Snakebyte Prepares 7” Tablet with Loads of Accessories
With the rise of the Google Play Store on Android and the rapidly-improving hardware that supports them, the traditional game console manufacturers have suddenly found many more rivals than just each other. Companies like Archos are sticking gaming-centric buttons on tablets, while set-top devices like the Ouya have found support through crowd-funding campaigns.
Now, a German company going by the name of Snakebyte is aiming to offer users the best – or so it hopes – of both worlds. The tablet, dubbed Unu, boasts a dock in the box for HDMI connection to your TV and a $50 wireless game controller, among other accessories. It's also otherwise reasonably portable, with a 7” screen.
Actually, that game controller comes by default in the $250 “Gaming Edition” set, which otherwise includes everything in the $50-cheaper “Media Edition” - a dock for HDMI output and charging, a half light gun half QWERTY remote dubbed Airmouse, and the Unu itself.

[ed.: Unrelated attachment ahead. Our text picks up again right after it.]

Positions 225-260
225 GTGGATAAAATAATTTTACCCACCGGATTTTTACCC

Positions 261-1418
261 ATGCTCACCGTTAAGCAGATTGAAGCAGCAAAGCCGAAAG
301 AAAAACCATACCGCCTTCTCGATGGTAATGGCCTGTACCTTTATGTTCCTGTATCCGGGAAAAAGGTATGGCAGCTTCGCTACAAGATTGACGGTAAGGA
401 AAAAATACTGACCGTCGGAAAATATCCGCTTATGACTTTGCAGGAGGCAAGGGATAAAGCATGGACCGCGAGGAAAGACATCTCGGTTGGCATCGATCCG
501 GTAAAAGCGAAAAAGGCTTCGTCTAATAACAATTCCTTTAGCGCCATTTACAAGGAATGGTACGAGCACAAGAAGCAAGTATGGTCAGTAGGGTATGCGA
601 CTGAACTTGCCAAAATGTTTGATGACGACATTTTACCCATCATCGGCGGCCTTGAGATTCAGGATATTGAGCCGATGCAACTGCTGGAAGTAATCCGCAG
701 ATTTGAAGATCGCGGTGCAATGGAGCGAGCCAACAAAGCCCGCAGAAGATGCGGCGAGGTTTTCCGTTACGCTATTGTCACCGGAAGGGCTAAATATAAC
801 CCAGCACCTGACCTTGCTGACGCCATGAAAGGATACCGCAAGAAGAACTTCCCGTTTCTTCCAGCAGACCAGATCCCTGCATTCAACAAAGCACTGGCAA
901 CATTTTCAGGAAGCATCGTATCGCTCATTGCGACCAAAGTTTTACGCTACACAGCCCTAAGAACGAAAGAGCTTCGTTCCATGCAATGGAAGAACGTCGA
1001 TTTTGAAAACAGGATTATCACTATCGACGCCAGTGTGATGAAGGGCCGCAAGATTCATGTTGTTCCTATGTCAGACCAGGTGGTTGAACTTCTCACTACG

Snakebyte is clearly trying out a game console-esque marketing technique here, and while a similar amount of money will get you a Google Nexus 7... well, it'll do just that: get you just the Nexus, without any potentially useful extras. Snakebyte wants to differ.
Corners have to be cut, though, to keep such a low price. The Unu tablet contains a 1280x800-pixel screen, 1.6Ghz quad-core CPU, 1GB of RAM and 8GB of internal storage. The Nexus 7 offers a 1920x1200-pixel resolution, 2GB of RAM, 16GB of storage minimum – and a 1.5Ghz quad-core CPU, which might still be faster due to architectural tweaks too lengthy to be discussed here.
Still, the Unu has a MicroSD memory card slot, something the Nexus doesn't have, and ultimately should be able to decently handle all of the Netflix/Hulu+/YouTube watching, 3D gaming, social networking, internet surfing, and whatever else one might want to do on a 7” screen.
Meanwhile, Snakebyte has a couple of extra stuff available for Unu users, including car cigarette lighter chargers and screen protectors. Perhaps the most interesting is the Premium Dock, which adds two USB ports, a wired LAN connection, and a 3.5mm headphone jack to the base dock. Not everyone has a speedy WiFi connection for streaming, after all, and things like beefy external drives and camera memory cards in a card reader can be connected through this dock if desired.